Judy Baauw | 388
29th May 2018
Judy Baauw | 388
29th May 2018
The Dutch National squad is packed to the brim with talent so it was almost inevitable that Judy Baauw would soon be welcomed in. She has barely had her jersey for six months and already she is intricately entwined with the team’s success.
2018 has seen Baauw go on a rampage all over Europe and now with Baku looming, any sane person would be foolish to bet against her returning to the Netherlands with a UCI Worlds medal around her neck … so it was about time that we tracked her down …
15: It would be disingenuous of us to say you have burst onto the scene this year as obviously you’ve be a fixture in Elite mains for the last couple of years but … this year just feels different to us … are we reading into something that’s not there … you seem more confident … Do you see this season as just the continued steady progression or has something … clicked?
Judy: I did well the last couple of years but this year has been really good to me so far. Showing a lot of improvement and getting consistent with the results. The biggest thing that has changed for me is the switch from the VERLU BMX Team to the Dutch National team.
15: Yea, you became part of the Dutch National squad this year, how did that come about? Clearly you’re happy in the setup, what benefits has it brought to you?
Judy: Because of my results last year Bas de Bever asked me if I wanted to join the Dutch National Team. My former coach Wilco Groenendaal told me that I can be the best of the world if we can fix some small things. The National team can provide / help me with all these things. They make sure that the only thing I have on my mind is riding my bike. Everything depends on details if you compete at the highest level of BMX. So, I decided to say yes to Bas, quit my job as a physio and continue my journey as a member of the Dutch National Team.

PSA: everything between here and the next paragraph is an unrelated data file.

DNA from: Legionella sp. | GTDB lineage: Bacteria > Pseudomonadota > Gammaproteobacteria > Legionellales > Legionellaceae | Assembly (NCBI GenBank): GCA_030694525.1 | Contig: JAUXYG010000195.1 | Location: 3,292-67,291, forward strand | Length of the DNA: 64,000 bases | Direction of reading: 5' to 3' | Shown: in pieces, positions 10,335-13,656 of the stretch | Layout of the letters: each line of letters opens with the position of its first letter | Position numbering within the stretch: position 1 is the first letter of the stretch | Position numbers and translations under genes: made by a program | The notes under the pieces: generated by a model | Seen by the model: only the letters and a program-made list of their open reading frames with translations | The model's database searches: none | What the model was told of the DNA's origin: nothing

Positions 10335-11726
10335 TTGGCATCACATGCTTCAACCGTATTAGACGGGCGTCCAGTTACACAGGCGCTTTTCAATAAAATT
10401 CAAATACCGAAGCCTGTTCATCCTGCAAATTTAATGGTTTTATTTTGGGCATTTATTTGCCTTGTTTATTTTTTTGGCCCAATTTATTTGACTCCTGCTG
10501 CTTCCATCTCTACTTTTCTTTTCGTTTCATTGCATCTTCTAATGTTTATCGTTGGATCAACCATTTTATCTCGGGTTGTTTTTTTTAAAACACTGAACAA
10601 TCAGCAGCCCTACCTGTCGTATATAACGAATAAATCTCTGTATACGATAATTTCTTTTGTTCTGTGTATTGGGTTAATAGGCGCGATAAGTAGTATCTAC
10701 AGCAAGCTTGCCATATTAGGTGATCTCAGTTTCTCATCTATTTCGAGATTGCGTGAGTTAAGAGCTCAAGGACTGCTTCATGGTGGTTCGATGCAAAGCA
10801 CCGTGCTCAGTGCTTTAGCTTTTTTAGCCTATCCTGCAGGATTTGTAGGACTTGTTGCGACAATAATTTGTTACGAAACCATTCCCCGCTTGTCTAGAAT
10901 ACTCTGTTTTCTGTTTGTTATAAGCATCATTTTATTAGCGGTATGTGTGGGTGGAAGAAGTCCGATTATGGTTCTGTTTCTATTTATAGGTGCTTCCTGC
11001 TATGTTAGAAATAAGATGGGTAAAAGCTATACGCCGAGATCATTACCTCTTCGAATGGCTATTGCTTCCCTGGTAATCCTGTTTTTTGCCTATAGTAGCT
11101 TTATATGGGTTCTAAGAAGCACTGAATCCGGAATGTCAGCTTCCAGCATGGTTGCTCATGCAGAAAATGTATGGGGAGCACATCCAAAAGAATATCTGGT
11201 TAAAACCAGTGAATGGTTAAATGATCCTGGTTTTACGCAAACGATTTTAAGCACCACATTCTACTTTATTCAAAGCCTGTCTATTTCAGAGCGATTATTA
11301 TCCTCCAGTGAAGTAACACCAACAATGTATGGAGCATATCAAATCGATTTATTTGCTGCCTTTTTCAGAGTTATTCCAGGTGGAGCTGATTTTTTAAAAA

15: By our count … just in the 2018 UEC and UCI rounds, you’ve made 9 out of 12 mains and after 6 of those mains you’ve been on the podium. Confidence levels must be sky high now?
Judy: In a short period of time I became one of the best BMXers of the world. I was finding it hard to accept that and I saw myself less than others. After a few chats with the team coaches and staff they made me believe I can even win World Cups. Luckily the results came straight after these chats and I’m ranked 2 in the UCI world ranking right now. This is definitely a confidence boost!
15: In Kampen it looked like you found a new gear, winning both days by a significant margin … that had to be your best weekend on a bike to that point? Where you just riding the wave all weekend there or is there lots going on behind the scenes to keep you out front?
Judy: I knew I could win Kampen if I would keep my head cool. But I had a bit of a struggle with that last part because my gates weren’t consistent during the season and I didn’t really had the confidence for the final. So, I talked with my coaches and they made sure I was confident enough to get a good gate in the final. When that happened in the final on the first day I had confidence that I could win the second day as well. From that moment I was in the flow and was keeping a cool head.
15: You then went back to Papendal and got a second behind Alise on Day 2 but even the second even felt like a first when you came back down to the last straight and the home crowd went crazy … do you remember how that moment felt?